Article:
Trepanning has been performed throughout history. A modern trephination movement, founded in the Netherlands in the 1960s, holds that cutting a hole in adults' heads allows their consciousness to expand. That movement has its adherents in the United States as well.

A perfect baby every time

Every pregnancy begins with a 3 percent chance that the resulting baby will have birth defects, and that is before individual genetic and environmental histories come into play. Some birth defects cannot be prevented or fixed. Medicine cannot work miracles.

That's the message in "The perils of the imperfect expectation of the perfect baby," an article in this month's American Journal of Obstetrics and Gynecology. Prospective parents need to understand that "perfection in pregnancy is not attainable now or even in the foreseeable future," according to the article's authors.

Doctors too can get drawn into "expecting more from medicine than its limited diagnostic and therapeutic capacities justify," say the article's authors, led by Frank A. Chervenak MD. Not only that, but "many pregnant patients are optimistic about the advances in medicine and are confident that their physicians will solve all problems that could occur with their pregnancy."

In fact, everyone needs to get in touch with "the inherent errors of human reproduction, the highly variable clinical outcomes of these errors, the limited capacity of medicine to detect these errors, and the even more limited capacity to correct them," the article states.

The expectation that a perfect baby can eventually be taken away from every pregnancy "assumes powers of medicine to control human reproduction that medicine does not possess," the article states.

Planning to head off childhood obesity

September is Be Kind to Writers and Editors Month, and as both writer and editor here at Birth Story, I intend to take advantage of this important event. I've been writing some long posts, but I'm hoping to keep them a bit shorter this month.Red typewriter

September is also Baby Safety Month, as well as National Preparedness Month, two interrelated observances, you could say, as planning ahead could help keep that baby safe.

Jane E. Brody's Personal Health column in the New York Times Science section today, for example, suggests that moms should adopt a healthy regimen, and maintain a lean frame, even before they get pregnant, if they want to help their children avoid becoming overweight themselves.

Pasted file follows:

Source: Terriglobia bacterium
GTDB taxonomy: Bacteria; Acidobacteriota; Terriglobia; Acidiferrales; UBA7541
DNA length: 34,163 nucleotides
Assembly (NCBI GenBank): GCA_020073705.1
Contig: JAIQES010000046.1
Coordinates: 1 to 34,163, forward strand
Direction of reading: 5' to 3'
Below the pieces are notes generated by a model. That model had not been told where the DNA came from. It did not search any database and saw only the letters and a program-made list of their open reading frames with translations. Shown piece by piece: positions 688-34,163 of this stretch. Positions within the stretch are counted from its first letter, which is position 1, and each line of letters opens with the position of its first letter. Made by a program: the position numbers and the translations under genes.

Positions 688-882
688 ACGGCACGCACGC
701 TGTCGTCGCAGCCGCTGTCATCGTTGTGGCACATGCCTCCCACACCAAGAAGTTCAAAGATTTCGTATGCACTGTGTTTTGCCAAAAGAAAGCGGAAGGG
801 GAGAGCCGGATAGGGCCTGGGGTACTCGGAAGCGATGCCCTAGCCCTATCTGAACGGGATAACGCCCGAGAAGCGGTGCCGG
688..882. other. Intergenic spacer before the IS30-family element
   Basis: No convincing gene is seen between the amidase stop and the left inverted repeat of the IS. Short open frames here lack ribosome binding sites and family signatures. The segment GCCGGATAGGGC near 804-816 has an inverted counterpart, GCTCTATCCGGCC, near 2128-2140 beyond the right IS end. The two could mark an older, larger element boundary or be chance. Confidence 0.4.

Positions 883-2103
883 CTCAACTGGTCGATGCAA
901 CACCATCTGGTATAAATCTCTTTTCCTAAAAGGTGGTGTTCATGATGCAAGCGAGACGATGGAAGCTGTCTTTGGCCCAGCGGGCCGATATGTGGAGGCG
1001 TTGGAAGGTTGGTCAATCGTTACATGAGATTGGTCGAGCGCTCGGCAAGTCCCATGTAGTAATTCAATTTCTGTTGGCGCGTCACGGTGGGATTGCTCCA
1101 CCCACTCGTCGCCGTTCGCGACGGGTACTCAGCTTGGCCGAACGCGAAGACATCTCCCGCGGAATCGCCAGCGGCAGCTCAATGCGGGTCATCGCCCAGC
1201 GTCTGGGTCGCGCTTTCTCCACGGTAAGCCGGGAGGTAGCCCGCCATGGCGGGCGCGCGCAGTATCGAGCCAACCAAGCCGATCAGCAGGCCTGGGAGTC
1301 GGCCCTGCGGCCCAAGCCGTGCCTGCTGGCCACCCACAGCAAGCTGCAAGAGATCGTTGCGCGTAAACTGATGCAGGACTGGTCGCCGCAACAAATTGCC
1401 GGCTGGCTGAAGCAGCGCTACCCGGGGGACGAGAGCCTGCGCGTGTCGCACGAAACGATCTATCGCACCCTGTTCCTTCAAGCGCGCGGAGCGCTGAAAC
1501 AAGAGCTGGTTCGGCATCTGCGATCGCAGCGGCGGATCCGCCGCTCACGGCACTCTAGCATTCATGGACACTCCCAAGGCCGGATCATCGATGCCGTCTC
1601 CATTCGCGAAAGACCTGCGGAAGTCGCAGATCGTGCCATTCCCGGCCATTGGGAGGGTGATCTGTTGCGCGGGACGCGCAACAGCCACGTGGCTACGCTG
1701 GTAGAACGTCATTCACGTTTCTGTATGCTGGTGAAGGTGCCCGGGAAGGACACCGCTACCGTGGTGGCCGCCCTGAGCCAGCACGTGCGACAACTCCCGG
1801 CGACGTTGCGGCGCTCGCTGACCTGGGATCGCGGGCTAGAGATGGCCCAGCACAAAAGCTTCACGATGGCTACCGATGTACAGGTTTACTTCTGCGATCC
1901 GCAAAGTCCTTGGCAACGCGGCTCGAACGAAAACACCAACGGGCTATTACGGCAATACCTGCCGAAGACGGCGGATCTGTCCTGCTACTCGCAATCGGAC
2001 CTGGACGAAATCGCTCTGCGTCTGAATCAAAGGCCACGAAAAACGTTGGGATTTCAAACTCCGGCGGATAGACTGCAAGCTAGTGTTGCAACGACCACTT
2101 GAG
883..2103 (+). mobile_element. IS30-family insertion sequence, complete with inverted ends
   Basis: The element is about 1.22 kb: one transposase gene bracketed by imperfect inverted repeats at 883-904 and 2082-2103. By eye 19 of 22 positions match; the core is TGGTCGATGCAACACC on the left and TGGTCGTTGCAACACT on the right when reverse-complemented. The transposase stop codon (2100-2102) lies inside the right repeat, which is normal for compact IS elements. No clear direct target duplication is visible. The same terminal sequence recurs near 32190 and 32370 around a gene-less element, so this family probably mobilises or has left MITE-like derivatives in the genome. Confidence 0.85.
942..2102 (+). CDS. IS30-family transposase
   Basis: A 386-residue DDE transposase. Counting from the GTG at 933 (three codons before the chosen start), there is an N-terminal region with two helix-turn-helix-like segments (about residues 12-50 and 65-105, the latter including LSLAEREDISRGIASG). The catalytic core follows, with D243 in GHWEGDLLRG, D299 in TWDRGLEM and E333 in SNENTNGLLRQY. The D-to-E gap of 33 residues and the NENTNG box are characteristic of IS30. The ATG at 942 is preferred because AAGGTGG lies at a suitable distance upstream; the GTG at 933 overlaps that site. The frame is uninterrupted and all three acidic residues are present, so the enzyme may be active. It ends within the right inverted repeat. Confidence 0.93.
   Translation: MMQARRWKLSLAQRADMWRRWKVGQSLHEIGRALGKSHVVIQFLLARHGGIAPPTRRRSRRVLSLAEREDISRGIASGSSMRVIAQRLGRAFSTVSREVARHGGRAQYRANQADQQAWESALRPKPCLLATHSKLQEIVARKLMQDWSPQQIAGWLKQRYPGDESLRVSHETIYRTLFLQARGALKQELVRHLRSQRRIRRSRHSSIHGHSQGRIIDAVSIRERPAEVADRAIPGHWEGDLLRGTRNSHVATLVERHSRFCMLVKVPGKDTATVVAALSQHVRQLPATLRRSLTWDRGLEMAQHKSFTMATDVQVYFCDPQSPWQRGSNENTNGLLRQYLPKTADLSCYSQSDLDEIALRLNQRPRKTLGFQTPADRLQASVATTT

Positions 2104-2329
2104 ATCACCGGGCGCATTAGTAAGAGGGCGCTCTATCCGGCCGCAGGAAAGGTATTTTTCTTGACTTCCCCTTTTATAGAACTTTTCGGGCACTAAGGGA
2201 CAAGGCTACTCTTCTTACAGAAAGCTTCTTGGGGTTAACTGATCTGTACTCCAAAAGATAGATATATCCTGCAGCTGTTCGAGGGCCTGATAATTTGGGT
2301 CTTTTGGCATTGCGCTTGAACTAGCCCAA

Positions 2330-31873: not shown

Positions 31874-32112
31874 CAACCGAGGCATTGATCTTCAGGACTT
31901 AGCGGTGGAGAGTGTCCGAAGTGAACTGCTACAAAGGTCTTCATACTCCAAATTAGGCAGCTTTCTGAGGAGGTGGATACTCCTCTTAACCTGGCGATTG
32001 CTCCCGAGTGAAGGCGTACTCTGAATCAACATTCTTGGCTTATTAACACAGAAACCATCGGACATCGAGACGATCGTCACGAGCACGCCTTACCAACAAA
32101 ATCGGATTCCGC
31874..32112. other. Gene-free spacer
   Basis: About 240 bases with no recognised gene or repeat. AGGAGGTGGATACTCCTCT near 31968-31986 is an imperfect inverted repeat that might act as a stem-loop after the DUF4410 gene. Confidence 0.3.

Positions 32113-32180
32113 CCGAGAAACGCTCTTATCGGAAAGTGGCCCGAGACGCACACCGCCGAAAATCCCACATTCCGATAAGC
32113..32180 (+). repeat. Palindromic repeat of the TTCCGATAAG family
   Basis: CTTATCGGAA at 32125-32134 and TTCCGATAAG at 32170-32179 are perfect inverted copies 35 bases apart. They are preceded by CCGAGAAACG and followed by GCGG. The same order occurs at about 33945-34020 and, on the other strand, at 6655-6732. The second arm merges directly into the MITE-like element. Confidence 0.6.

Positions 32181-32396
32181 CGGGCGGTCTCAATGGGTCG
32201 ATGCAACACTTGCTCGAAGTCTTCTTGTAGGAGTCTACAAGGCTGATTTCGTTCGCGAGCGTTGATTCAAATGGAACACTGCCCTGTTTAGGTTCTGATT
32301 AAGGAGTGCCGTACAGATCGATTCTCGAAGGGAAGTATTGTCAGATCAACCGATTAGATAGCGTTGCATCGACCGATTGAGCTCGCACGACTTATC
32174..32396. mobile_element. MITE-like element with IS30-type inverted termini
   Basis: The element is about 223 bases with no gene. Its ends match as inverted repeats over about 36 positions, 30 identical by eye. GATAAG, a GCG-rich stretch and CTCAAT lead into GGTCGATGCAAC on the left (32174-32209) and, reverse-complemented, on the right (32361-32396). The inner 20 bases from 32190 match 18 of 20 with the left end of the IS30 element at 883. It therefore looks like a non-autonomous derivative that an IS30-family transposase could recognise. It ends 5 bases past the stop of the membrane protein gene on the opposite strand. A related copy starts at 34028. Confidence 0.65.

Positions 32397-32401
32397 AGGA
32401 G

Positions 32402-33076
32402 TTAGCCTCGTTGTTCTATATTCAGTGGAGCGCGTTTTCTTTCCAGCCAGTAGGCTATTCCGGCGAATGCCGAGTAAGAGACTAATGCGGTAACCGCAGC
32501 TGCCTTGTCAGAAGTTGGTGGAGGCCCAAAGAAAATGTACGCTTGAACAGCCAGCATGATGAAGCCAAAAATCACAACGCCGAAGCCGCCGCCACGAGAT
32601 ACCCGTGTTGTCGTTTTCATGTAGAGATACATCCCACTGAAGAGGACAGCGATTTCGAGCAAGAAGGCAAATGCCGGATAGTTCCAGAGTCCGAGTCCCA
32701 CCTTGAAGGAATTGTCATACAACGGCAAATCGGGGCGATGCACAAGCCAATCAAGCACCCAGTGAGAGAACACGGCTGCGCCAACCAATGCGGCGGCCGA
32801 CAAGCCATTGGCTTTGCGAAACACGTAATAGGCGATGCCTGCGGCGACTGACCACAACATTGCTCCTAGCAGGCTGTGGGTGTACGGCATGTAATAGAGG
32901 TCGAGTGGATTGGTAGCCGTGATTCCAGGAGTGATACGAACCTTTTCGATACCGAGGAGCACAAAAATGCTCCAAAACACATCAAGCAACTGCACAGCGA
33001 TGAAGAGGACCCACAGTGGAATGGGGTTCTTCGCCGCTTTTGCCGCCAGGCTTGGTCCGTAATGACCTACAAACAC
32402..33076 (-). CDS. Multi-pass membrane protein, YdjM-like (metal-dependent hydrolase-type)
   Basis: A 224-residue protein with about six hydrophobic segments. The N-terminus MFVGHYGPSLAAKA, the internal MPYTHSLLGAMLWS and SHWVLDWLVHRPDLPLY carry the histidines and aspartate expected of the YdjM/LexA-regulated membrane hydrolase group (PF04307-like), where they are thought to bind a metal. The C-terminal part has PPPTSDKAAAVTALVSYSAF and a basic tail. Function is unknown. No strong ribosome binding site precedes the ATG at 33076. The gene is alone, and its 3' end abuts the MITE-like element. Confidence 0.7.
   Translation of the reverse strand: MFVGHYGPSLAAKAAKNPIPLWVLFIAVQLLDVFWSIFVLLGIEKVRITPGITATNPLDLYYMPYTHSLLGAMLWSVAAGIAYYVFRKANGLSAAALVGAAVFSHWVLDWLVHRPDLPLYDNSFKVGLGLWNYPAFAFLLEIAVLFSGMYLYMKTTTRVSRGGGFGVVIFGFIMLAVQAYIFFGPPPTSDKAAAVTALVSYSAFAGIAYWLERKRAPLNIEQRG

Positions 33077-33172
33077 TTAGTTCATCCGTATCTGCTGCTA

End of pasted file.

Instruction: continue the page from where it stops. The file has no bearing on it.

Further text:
Brody's piece is a survey of the present understandings of how a mother's weight while pregnant affects the health of her fetus.

Her chief reference is a recent Lancet article that sought to tease apart the influence of genetics from the effects of more-than-adequate weight gain during pregnancy.

A separate study in Circulation "found that a woman’s weight before pregnancy was even more important than excessive weight gain during pregnancy in predicting a number of risks for the baby" that included childhood obesity," Brody writes.

"The new findings suggest that Americans are now caught in a vicious cycle of increasing fatness, with prospective mothers starting out fatter, gaining more weight during pregnancy and giving birth to babies who are destined to become overweight adults," Brody writes.

The latest recommendations from the Institute of Medicine, a subsidiary of the National Academy of Sciences, call for these weight gains during pregnancy:

¶28 to 40 pounds for thin women, with a B.M.I. of 18.5 or lower.

¶25 to 35 pounds for normal-weight women, with a body mass index of 18.6 to 24.9.

¶15 to 25 pounds for overweight women, with a body mass index of 25 to 29.9.

¶11 to 20 pounds for obese women, with a body mass index of 30 or higher.

Image courtesy of Wikimedia Commons